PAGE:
Ethernet service providers: Are your suppliers delivering the best systems on the market, or do other vendors have equipment that better meets your needs? Will your suppliers be in a position to deliver critical features that will help lower the costs of delivering Ethernet services, such as robust OAM (operations, administration, and maintenance) implementations? Can comparative product data help you to negotiate more aggressive pricing deals with your current suppliers?

Suppliers of components and subsystems: Are you reaching the entire potential market for your products? Which systems vendors are making the most aggressive moves into new product lines? How does your product portfolio match up with likely market demand from systems manufacturers?

Investors: Which equipment makers are in the best position to capture market share in this important telecom industry sector? Which privately held companies may be acquisition targets in the future, and which incumbent vendors would make the best match for those startups?

Ethernet Over IP/MPLS Service Delivery Platforms: A Heavy Reading Competitive Analysis is published in PDF format.

PRICE: $3,795
Chief Technologist, Heavy Reading
Heavy Reading's Chief Technologist boasts nearly two decades of experience in the data communications industry across almost all major networking technologies. His expertise includes MPLS, GMPLS, optical communications, TCP/IP and IP routing, ATM and emerging technologies...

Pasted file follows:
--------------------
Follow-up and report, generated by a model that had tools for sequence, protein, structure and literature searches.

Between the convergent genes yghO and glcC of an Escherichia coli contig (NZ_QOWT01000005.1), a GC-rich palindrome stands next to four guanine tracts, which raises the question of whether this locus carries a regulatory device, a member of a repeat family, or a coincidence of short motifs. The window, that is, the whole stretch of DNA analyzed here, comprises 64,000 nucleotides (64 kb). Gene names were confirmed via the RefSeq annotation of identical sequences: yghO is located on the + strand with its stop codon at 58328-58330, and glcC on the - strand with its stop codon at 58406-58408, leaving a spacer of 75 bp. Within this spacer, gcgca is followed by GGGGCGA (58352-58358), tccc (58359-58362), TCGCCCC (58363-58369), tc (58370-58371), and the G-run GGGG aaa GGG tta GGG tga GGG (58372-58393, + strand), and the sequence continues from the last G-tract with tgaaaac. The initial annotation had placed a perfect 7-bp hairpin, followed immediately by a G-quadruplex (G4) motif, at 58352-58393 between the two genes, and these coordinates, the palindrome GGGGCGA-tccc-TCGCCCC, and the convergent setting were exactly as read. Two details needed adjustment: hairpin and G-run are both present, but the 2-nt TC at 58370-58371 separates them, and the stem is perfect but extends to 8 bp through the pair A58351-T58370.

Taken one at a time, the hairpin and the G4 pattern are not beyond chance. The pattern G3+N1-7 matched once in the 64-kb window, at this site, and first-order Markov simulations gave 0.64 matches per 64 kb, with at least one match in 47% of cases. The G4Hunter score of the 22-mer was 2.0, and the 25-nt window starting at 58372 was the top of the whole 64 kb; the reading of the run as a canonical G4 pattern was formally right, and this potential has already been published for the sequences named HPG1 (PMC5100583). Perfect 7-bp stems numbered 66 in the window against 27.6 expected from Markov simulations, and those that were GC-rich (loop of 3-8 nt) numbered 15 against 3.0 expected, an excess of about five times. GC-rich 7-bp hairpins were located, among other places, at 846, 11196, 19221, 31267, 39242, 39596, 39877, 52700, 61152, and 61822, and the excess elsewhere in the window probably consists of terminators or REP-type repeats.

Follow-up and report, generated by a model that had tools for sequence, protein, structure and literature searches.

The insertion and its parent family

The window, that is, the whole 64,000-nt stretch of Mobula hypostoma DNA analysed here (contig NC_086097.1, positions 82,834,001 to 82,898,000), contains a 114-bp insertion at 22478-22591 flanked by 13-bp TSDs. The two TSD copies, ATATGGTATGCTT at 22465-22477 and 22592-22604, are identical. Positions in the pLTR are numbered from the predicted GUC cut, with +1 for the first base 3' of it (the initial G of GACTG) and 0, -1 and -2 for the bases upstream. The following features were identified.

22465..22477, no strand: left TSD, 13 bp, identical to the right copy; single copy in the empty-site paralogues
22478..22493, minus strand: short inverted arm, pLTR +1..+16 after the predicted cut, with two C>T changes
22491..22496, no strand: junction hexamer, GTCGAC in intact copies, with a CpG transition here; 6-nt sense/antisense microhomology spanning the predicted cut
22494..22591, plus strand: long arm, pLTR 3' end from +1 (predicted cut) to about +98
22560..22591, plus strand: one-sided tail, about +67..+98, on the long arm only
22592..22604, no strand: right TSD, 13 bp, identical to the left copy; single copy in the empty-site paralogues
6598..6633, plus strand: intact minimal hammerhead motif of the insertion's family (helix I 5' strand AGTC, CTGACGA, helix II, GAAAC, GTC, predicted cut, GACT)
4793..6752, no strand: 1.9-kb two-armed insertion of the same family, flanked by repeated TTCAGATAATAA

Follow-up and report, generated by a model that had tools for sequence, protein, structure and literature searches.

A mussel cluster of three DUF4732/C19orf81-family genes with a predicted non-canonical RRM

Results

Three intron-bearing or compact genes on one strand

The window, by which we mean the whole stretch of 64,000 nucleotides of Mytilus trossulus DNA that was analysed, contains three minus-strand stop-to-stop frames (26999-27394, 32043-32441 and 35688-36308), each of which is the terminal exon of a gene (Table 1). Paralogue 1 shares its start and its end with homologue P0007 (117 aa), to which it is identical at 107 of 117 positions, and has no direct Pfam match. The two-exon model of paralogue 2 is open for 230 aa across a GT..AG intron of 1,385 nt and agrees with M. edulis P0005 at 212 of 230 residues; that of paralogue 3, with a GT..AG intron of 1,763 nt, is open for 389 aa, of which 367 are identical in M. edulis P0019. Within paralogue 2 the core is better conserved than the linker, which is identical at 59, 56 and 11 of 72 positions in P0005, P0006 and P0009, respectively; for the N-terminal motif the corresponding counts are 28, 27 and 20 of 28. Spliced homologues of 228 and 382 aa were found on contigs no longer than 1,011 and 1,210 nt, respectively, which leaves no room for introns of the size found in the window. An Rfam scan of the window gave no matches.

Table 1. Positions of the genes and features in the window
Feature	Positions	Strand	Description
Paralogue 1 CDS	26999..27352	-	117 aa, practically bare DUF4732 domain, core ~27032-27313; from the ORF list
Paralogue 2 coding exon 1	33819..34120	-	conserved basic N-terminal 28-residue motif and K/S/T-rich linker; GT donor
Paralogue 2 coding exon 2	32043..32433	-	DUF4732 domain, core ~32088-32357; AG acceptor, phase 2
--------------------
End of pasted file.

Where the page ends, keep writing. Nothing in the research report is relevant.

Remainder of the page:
End-to-end solutions for packet-based carrier Ethernet are available now
Cisco, Alcatel, and Riverstone have emerged as the early leaders in this sector
Proprietary technology remains a critical differentiator for many suppliers
Equipment vendors are driving MPLS implementations closer to the end user
OAM development is improving but still needs work to drive down service costs
No single vendor clearly dominates both the technical and market battles in this sector
Alcatel SA (NYSE: ALA; Paris: CEGP:PA)
Atrica Inc.
Cisco Systems Inc. (Nasdaq: CSCO)
Corrigent Systems Inc.
Extreme Networks Inc. (Nasdaq: EXTR)
Foundry Networks Inc. (Nasdaq: FDRY)
Juniper Networks Inc. (Nasdaq: JNPR)
Laurel Networks Inc.
Nortel Networks Corp. (NYSE/Toronto: NT)
Overture Networks Inc.
Riverstone Networks Inc. (OTC: RSTN.PK)
Tellabs Inc. (Nasdaq: TLAB; Frankfurt: BTLA)
158 pages of data and analysis covering all known manufacturers of carrier-class Ethernet over MPLS and IP/MPLS equipment

Detailed ratings of each vendor's product line and market strategy using the unique and innovative Heavy Reading Hexagon rating system

In-depth matrices delivering thousands of data points for comparing vendor products and strategies

Exclusive interviews with carrier executives pinpointing plans and expectations for Ethernet service delivery
PRICE: $3,795
To view reports you will need Adobe's Acrobat Reader. If you do not have it, it can be obtained for free at the Adobe web site.